It is Helen McCrory’s evening. Hardly off stage in two and a half hours, she is whey-faced and brittle as Hester Collyer, failing to resist despair. She drives her character from anguish and fear to bravado-driven hope to loss and, ultimately to resignation and a glimmer of positive determination. It is a very finely nuanced, bravura performance.
Rattigan’s 1952 play opens with an apparently dead body on the floor in front of a gas fire – a decision the playwright is said to have made as a response to the suicide of his estranged gay lover. How important that is to understanding the play is debateable but anyone new to it certainly need some knowledge of the contextual background. The play was written, and is set, at a time when homosexuality and suicide were illegal and when adulterous relationships or even extra-marital sex were strongly disapproved of. And in the background there are tens of thousands of men like Hester’s lover Freddie Page (Tom Burke – good) finding it difficult to settle and find a purpose in civilian life after six years of war.
The third person in the play’s central adulterous triangle is Hester’s husband, William played by Peter Sullivan who finds gravitas, decency, dignity and reasonableness in the character – along with lack of sexual charisma which is what Hester craves and seems once to have thought she’d found it in her lover. McCrory convincingly conveys the sexual longing – a brave thing to attempt in 1952 – with warmth and passion.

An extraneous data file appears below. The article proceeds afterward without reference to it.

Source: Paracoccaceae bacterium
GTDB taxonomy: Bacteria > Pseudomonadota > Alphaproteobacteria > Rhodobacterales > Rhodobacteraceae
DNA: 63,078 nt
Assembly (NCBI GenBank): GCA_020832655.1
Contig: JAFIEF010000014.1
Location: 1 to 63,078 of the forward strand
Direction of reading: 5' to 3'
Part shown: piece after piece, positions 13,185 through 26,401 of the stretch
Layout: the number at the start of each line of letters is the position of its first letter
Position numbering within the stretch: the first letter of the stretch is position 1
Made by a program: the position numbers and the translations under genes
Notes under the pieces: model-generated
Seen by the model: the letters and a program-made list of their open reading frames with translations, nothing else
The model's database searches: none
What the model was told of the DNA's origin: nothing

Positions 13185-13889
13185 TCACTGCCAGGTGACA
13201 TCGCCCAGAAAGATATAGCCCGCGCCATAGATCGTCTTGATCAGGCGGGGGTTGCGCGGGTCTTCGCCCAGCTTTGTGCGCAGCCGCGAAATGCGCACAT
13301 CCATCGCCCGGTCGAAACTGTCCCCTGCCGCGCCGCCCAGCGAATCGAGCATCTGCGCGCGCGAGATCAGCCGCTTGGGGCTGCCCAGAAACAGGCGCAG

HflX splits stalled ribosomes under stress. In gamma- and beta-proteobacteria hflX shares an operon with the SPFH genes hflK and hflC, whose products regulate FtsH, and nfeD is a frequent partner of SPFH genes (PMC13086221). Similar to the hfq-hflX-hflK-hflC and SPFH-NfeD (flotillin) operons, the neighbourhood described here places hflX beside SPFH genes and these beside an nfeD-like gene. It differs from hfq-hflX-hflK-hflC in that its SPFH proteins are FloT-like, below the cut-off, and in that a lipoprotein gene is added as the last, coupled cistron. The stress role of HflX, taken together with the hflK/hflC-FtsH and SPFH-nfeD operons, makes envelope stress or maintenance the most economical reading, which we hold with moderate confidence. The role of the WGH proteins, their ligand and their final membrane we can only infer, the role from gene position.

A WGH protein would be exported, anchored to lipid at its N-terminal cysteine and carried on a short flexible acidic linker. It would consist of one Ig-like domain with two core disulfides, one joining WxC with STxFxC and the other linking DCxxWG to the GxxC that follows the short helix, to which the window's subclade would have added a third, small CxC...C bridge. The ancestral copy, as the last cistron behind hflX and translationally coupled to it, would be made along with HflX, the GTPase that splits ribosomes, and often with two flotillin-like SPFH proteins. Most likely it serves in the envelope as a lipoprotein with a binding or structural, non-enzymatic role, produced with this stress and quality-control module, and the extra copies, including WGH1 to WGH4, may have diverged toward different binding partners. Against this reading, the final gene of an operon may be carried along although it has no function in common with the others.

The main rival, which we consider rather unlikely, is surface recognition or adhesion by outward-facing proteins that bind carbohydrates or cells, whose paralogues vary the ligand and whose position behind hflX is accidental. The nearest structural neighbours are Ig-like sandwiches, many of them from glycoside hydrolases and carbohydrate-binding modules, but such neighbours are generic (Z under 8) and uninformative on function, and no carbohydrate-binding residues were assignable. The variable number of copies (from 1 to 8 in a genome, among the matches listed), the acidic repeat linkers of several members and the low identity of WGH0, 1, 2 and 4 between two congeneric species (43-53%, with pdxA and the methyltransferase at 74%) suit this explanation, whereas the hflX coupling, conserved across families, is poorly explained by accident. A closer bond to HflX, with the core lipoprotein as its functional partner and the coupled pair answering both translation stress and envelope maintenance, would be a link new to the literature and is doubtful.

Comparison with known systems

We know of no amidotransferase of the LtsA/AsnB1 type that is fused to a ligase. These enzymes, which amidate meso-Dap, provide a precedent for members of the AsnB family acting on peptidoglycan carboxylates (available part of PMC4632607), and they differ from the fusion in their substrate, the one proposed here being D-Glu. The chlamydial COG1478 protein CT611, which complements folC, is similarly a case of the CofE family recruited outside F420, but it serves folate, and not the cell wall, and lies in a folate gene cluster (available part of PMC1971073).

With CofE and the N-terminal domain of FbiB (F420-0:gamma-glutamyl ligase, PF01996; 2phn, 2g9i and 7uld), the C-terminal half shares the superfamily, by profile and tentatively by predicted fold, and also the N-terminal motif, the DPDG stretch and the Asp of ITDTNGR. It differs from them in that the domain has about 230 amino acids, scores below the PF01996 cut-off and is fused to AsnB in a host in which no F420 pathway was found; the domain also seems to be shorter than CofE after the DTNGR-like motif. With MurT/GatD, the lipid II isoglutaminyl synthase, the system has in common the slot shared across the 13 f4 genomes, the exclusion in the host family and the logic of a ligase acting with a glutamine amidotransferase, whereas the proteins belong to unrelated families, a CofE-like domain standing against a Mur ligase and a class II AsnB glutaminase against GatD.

Among the support roles there’s nice work from Nick Fletcher as the doctor who’s been struck off and from Marion Bailey as the well-meaning nosey landlady.
Tom Scutt’s set design is interesting. Although all the action takes place in Hester’s flat with kitchen stage left, Scutt has created a whole house converted into flats around it complete with stairways and thin walls so that you can see and hear the other occupants of the house moving about. It reinforces the fairly humble nature of Hester’s living arrangement given that the husband she has left is a judge living in Eaton Square. Much less successful is Peter Rice’s tiresome, low level rumbling sound which is almost continuous. Presumably it’s meant to connote danger, menace, anxiety – or something. In fact it’s just irritating and adds nothing.